wandering in Port Adelaide

I have scanned a few more archival images from those I made when I wandered around the urban part of the Port Adelaide precinct with a Leica in the late afternoon during winter. The Port had a gritty, grungy, industrial, working class character in the 1980s.

billboard, Port Adelaide

What drastically reduced the need for waterside labour at Port Adelaide’s inner harbour was the development of deep berths at Outer Harbour to accommodate larger ships, coupled with the introduction of bulk handling facilities and containerisation in the 1970s. The 1970s and 80s was also a period of general decline in raw material processing and manufacturing in the Port, with many mills, foundries and factories closing or relocating.

The result was that historic buildings were closed and even vandalized whilst shops in the main streets of the suburb were empty and boarded up. It was becoming a place of social and economic obsolescence, a derelict dockland – stagnant and lifeless.

Melbourne: street + documentary

Some of my black and white Melbourne street photos from the late 1970s/early 1980s have appeared on a couple of previous blog posts–eg., here and here. The picture below is from the same period.

The conventional account holds that street photography positions itself as art whereas documentary photography is more concerned with injustice or narrative. The former tends to be spontaneous and it seeks to capture a moment that would have, without the photographer’s intervention, gone unnoticed. Documentary photography is more considered and ethical in its approach. Street photography is associated with the imagination (the free play of the faculties) and the poetic, whereas documentary photography is associated with truth, matter of fact and empirical knowledge.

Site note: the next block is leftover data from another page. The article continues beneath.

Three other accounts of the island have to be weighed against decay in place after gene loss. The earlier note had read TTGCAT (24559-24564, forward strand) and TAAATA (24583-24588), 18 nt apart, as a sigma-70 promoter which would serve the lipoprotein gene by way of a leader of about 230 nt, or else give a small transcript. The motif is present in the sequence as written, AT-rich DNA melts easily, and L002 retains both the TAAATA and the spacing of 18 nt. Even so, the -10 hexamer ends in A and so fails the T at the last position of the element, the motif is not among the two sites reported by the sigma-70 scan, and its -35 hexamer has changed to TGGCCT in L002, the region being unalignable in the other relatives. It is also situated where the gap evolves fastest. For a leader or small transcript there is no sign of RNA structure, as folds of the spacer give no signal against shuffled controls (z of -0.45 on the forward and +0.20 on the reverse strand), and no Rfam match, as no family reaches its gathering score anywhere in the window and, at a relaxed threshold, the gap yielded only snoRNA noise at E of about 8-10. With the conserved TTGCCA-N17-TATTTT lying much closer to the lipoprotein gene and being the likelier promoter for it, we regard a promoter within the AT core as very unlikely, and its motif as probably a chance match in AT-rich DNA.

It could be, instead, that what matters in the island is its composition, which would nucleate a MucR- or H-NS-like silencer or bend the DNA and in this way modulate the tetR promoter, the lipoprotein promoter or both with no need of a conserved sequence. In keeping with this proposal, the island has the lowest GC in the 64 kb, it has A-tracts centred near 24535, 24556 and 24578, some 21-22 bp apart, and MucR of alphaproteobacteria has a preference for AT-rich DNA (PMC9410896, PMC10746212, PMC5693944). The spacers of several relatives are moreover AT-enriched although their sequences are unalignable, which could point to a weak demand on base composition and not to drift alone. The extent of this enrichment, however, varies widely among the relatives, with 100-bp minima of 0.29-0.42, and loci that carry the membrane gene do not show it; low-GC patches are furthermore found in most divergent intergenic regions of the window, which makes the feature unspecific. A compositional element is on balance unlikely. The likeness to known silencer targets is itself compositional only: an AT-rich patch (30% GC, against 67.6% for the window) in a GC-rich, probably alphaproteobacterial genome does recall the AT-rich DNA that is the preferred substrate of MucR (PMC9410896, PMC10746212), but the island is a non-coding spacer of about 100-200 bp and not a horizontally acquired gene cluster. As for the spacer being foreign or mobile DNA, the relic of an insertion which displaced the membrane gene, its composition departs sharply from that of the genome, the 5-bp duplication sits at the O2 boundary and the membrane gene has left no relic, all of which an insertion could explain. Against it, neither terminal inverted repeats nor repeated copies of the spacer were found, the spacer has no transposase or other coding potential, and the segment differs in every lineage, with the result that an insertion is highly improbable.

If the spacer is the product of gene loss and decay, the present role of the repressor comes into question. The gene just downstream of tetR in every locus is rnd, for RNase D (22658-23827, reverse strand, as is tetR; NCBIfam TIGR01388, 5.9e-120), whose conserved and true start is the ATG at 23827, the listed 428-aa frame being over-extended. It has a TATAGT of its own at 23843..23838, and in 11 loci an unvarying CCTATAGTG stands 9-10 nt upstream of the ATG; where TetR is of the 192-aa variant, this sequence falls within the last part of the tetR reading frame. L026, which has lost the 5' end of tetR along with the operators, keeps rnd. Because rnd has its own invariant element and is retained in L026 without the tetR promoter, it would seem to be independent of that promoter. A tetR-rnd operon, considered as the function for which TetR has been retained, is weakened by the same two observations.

alleyway, Fitzroy, Melbourne

Street photography is closely associated with a snapshot aesthetic or more broadly a snapshot culture that breaks down the borders between the private and public realms. A minimal description is a fragmentary photo in space and time with a loose and informal composition that is coupled to the semantic area of a photographer shooting or hunting with a portable, handheld 35mm camera searching for meaningful, memorable moments.

Conventional art history holds that the style of street photography became recognized as a genre in its own right during the early 1930s with figures such as Henri Cartier-BressonBrassaï and André Kertész,  While there are precedents, and areas of overlap with documentary and architectural photography, street photography is associated with the photographer’s skill in capturing something of the mystery and aura of everyday city living. Some hold that the human figure becomes the street photograph’s defining feature. Robert Frank is seen as the central figure in this tradition.

Melbourne: street photos

In the previous post I mentioned that after moving to Adelaide from Melbourne, I would frequently return to Melbourne in the early 1980’s to photograph. I used to catch the overnight Overland train, or hitch hike between Adelaide and Melbourne. I travelled lightly, with just a Leica M4 rangefinder and some 35mm black and white film.

stiletto, Melbourne

These snapshots were mostly photos of various images in shop windows, which I was also doing in Adelaide’s Rundle Mall. Melbourne’s more interesting shop windows had graphic window designs expressing desire, fantasy and consumer dreaming.

The spectacular image culture is the very heart of consumer capitalismThe spectacular image culture is much more than something at which we passively gaze as it increasingly defines our perception of life itself, and the way we relate to others.